Schaefer success story

Savvy business woman turns dream into a reality

By Misty Shorter –

Sarah Schaefer, a 21-year-old Tarleton State University junior, is not only a student, but also a savvy business woman. It all started when she was a child, taking dance and dreaming of going to Texas Tech University.

Now, she is among the growing number of college student entrepreneurs with a thriving dance studio. With an offer that fell into her lap at age 18, Schaefer took a leap of faith to become the owner of what is now Sarah’s Studio in Cisco, Texas. Schaefer is living her dream and growing her business one dance student at a time.

Sarah Schaefer, a 21-year-old Tarleton student, turned her dream into a reality beginning at the age of eighteen, when she opened up her own dance studio.  (Photo courtesy of David Shorter, Prop Photography)

Sarah Schaefer, a 21-year-old Tarleton student, turned her dream into a reality beginning at the age of eighteen, when she opened up her own dance studio.
(Photo courtesy of David Shorter, Prop Photography)

Shaefer’s dance teacher from when she was young is now a college algebra professor at Cisco College and Shaefer teaches her daughter, Abigail, at her dance studio.

Schaefer’s story began 14 years ago when she was in the first grade. Back then, the studio was called The Dance School and was run by Jill Fields.

Schaefer took all types of dance there, but trained in mostly classical ballet. She also came from a musical and artistic family. Her great-grandfather worked on Broadway as a pianist and painter. Her mom, dad and brother all play instruments and sing.

“I got into dance because I’m really girly,” she said. ”Dance had sparkle, glitter and pretty music. That’s everything a little girl could want. I tried basketball and cheerleading, but dance was just my thing.”

Fields decided to sell the business and retire a few years ago. When Schaefer first learned the business was for sale, she thought about buying it. After talking it over with her parents, she decided to buy the business during her senior year in high school.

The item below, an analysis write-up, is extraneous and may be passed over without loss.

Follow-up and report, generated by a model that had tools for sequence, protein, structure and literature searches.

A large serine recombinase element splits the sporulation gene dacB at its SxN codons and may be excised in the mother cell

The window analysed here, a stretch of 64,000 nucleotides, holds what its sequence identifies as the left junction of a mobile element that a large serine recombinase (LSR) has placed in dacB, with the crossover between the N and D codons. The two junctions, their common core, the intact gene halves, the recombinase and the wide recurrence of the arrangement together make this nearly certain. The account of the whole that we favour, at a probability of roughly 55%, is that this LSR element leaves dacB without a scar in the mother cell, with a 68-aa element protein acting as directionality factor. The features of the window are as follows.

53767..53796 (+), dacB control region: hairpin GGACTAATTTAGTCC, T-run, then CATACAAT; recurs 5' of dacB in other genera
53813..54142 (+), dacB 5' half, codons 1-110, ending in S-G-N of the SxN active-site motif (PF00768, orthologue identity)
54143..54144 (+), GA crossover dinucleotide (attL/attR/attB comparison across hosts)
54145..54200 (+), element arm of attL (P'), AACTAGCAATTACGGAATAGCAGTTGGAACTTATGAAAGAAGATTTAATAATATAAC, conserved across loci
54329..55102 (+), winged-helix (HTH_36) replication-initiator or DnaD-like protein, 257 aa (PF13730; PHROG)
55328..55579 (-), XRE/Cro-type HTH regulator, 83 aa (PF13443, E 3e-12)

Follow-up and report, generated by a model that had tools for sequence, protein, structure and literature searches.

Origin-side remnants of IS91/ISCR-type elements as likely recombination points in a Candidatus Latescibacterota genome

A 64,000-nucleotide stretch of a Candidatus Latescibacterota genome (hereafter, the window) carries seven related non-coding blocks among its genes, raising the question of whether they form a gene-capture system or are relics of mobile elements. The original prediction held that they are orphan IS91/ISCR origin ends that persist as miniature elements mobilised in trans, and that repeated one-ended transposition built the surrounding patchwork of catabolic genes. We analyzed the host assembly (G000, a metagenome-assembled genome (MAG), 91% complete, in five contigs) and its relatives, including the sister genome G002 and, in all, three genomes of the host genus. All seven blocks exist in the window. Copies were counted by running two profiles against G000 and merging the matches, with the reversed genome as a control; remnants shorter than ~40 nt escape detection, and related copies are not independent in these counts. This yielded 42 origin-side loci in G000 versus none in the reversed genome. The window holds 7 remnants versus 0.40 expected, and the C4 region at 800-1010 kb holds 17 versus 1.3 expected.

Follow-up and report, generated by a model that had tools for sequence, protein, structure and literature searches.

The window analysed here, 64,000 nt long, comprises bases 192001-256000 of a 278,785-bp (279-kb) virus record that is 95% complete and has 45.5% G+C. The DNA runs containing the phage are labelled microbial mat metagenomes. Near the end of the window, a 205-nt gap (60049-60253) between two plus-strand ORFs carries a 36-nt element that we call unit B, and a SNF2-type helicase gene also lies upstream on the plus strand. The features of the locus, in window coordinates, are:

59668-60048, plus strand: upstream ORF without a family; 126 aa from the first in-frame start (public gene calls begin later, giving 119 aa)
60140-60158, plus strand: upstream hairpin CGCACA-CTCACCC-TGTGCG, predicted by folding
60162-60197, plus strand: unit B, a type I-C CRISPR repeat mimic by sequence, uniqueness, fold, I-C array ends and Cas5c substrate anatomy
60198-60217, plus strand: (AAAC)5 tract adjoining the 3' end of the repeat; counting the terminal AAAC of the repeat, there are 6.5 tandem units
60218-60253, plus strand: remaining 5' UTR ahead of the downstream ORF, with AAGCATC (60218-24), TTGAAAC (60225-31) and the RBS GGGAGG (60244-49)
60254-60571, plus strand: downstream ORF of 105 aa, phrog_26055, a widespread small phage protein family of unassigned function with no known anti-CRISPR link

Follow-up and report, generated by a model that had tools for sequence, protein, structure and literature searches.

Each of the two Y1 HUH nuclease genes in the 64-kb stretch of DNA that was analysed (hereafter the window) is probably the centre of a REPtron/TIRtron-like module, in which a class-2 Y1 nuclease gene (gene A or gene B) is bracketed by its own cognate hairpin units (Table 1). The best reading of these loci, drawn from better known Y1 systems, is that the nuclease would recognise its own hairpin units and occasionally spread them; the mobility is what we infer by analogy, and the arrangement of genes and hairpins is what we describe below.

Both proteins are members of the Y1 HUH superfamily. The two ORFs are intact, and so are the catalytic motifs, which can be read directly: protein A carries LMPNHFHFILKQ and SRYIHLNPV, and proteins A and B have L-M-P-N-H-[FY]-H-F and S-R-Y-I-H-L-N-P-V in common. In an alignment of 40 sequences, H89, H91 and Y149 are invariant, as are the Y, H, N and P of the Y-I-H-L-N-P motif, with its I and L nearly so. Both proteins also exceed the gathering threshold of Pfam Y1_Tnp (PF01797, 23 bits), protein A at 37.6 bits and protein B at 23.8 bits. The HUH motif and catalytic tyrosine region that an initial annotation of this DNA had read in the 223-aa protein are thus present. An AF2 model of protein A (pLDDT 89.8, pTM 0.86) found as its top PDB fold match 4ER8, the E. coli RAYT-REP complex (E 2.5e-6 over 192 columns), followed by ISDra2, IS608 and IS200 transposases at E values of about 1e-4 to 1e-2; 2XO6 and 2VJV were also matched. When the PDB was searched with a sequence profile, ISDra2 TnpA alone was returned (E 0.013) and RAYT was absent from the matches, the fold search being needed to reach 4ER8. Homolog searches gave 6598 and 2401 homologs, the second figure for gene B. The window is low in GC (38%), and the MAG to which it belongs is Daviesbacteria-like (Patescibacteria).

Since Schaefer had worked since she was 15, she had saved up and knew she could put some money down. But she also knew that she would have to take out a loan. She went to the Cisco Development Corp. and applied for a loan to buy the business – without the help of her parents.

She convinced the bank that an 18-year-old with no credit and a small amount of money, along with no experience, could successfully run a business and grow it. She took a $4,000 balloon loan that required her to stay in business for four years and have substantial growth. She says she paid off half of the loan after two years and has since seen 40 percent growth.

The remaining half, she says, was forgiven by the bank. She used the loan money to not only buy the business, but to replace a lot of the equipment. She kept the studio in the same location by renting the existing space in a historical building in downtown Cisco. The building was used for numerous things throughout the years, including smuggling alcohol during Prohibition, she said.

Schaefer now runs a successful business and even sells her own uniforms for her students. Due to her strict dress code, she found that buying and selling her own dance uniforms was easier than relying on the parents to purchase them.

She discovered her passion for dance her first time on stage as a young girl. “Dance became my artistic outlet,” she said. “As soon as I performed on stage I was hooked on dance. The lights and flowers got me when I was little, but it’s the expression now … the freedom to express yourself with that much passion is wonderful.”

Two other studios opened around the same time and Schaefer has outlasted one of them. Small businesses in small towns can be very competitive, Schaefer said.

Schaefer said she has been looked at differently because she is a young woman, always having to be on top of her game.

She says that her goal is to “plan events in her studio and grow her business while teaching dance.” She advises young people who are looking at owning their own business to prepare and work hard. “You will have to change your life completely,” she said.

She’s working on her bachelor’s degree in communications, focusing on public relations and event management – but already her dream has come true.

“I wanted my own business and it is very satisfying at the end of the day,” she said. “I get to work for myself and not for someone else. I get to be an independent woman at 21.”

Misty Shorter is a junior Communication Studies major from Fort Worth, Texas. She currently serves as the Entertainment Editor for Texan News Service.

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